January 29, 2018
Analysis: Politics on Social Media
When it comes to political and social issues, brands have more to lose in silence than in speaking out.
That’s the key finding of a new report from Sprout Social, which shows that two-thirds of consumers want brands to engage in these kinds of conversations and communicate their values. And more than half say social media is the best place to do this.
That news that might surprise you – whether you’re a brand on social media or a guest at a dinner party, expressing your stance on politics is generally regarded as a risky move. Lest we forget Pepsi’s disastrous take on the Black Lives Matter protest featuring Kendall Jenner.
But the reality is, we’re living in an age where hot-button issues are a day-to-day part of the mainstream discourse… And that’s only ramping up. Analysis shows POTUS Donald Trump received some 901.8 million @mentions on Twitter in 2017 – that’s 10 times the number of tweets Barack Obama received in his final year in office. Among last year’s other most talked about topics were the Women’s Marches, former FBI director James Comey and the Charlottesville protests, Echelon Insights found.
Meanwhile, the tide is turning on social media is relation to the types of content people are seeing. As we discussed in last week’s blog, Facebook (the undisputed king and primary trendsetter of the social media sphere) is changing its News Feed algorithm to prioritise “meaningful interactions between friends and family” in favour of typical brand content. That means brands are under pressure to contribute to, or spark those discussions if they wish to continue their News Feed visibility.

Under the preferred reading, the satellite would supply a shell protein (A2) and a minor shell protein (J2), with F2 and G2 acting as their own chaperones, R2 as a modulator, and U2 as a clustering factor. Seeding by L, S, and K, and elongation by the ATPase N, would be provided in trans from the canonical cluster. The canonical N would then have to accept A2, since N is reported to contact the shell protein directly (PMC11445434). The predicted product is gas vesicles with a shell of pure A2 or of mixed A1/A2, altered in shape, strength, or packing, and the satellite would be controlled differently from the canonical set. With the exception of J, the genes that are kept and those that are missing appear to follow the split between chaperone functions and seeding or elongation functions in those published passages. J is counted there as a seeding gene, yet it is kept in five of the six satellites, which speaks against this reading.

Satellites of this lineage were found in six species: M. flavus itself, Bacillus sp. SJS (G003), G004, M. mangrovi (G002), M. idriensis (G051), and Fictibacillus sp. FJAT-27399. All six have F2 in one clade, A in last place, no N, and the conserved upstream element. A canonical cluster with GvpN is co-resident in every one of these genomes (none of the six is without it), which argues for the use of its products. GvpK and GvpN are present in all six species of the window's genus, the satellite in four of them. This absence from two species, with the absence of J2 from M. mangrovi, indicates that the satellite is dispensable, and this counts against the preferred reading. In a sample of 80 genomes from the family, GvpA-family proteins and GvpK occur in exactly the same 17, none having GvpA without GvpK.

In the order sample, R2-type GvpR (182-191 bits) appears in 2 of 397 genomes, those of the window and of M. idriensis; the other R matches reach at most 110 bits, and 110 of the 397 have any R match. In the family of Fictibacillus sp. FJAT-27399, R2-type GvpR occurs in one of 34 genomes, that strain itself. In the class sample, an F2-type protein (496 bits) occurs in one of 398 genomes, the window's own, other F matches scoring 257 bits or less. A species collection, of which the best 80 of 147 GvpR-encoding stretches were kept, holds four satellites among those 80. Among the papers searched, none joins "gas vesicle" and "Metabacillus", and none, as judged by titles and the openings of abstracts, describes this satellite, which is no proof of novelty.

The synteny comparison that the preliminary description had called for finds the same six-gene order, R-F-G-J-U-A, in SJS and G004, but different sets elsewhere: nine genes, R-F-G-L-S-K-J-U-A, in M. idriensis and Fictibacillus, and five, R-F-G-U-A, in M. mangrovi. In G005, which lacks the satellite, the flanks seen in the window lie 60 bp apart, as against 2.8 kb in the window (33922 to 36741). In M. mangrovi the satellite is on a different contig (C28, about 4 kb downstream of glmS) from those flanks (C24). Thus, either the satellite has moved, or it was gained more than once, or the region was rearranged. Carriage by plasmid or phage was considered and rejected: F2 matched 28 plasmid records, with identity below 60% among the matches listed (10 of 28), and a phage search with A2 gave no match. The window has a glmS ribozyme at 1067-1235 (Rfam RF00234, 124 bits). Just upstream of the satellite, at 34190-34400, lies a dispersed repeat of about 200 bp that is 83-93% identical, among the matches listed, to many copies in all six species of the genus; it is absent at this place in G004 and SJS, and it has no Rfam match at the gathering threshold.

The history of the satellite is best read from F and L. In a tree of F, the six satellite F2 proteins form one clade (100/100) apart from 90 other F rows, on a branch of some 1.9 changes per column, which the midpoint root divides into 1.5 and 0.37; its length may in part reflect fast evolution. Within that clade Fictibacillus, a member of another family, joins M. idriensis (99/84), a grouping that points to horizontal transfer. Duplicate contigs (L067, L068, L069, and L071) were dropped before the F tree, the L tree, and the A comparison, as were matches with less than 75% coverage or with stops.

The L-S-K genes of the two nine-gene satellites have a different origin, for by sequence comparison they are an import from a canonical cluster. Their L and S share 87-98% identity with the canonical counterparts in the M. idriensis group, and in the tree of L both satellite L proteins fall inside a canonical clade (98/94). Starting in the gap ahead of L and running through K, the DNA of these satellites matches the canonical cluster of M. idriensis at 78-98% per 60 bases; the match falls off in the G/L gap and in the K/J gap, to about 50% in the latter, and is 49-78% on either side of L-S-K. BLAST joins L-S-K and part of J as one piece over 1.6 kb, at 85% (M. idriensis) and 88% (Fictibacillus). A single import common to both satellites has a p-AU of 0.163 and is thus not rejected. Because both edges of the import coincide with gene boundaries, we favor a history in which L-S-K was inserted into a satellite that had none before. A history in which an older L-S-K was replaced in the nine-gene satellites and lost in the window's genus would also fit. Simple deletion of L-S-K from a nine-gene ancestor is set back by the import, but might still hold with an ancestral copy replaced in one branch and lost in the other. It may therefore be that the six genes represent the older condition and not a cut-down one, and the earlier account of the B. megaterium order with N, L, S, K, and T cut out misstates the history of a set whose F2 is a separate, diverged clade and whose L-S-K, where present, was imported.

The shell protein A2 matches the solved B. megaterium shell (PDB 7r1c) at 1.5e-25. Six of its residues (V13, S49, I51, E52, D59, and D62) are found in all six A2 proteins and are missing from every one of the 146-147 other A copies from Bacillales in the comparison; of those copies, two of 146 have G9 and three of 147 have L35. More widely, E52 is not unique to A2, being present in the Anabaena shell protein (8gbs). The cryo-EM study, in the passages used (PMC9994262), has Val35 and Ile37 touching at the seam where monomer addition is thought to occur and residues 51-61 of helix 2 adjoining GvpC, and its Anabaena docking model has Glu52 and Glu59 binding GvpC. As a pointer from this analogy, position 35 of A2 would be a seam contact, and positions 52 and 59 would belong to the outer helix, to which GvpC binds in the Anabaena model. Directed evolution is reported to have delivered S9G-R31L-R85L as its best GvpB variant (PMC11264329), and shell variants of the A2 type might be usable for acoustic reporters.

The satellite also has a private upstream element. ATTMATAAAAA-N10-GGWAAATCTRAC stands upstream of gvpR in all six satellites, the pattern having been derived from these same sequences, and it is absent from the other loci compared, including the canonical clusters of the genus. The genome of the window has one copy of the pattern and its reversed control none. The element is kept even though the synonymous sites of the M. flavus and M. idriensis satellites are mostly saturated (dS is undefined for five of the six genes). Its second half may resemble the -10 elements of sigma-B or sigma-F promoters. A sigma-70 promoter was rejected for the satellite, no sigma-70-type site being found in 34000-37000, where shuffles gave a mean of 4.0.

…. You do the math.
But of course, that doesn’t negate the risk *vision of Kendall sipping Pepsi sends shivers down the spine*. There’s no doubt, a very fine line between taking a stand on and important issue and alienating large segments of your audience.
So it’s essential for brands to be tactical and measured in the way they respond to, or approach this area. Below are a few pearls of wisdom from Sprout Social’s research:
To discuss how your brand can express political or social views on social media in more detail, please contact LEWIS’ digital and corporate reputations teams.
1. Facebook updates rules around influencers tagging paid posts, after revelations the feature was being misused by brands. Read more.
2. Snap has confirmed that users will soon be able to share some types of Snapchat Stories outside of the app itself. Read more.
3. Instagram introduces GIF stickers, which can be added to videos and images in Stories. Read more.
4. Twitter is developing a camera-centred feature, with aim to make video and image sharing easier. Read more.
5. Instagram tests a feature that tells users how many times their profile has been viewed in the past week. Read more.
The owner of insta-famous Grumpy Cat has just won a £500,000 settlement against Grenade Beverage, after the coffee company used the famous feline’s face on several of its products without a license. To our knowledge, this is the first time a meme has won a court case.
Vanity Fair released its eagerly awaited Hollywood Issue this week. Unfortunately, it was more comical than intended after eagle-eyed Twitter users noticed Reese Witherspoon had three legs and Oprah Winfrey had three hands in two of the photos. At least Reese saw the humour: “I hope you can still accept me for who I am,” she tweeted.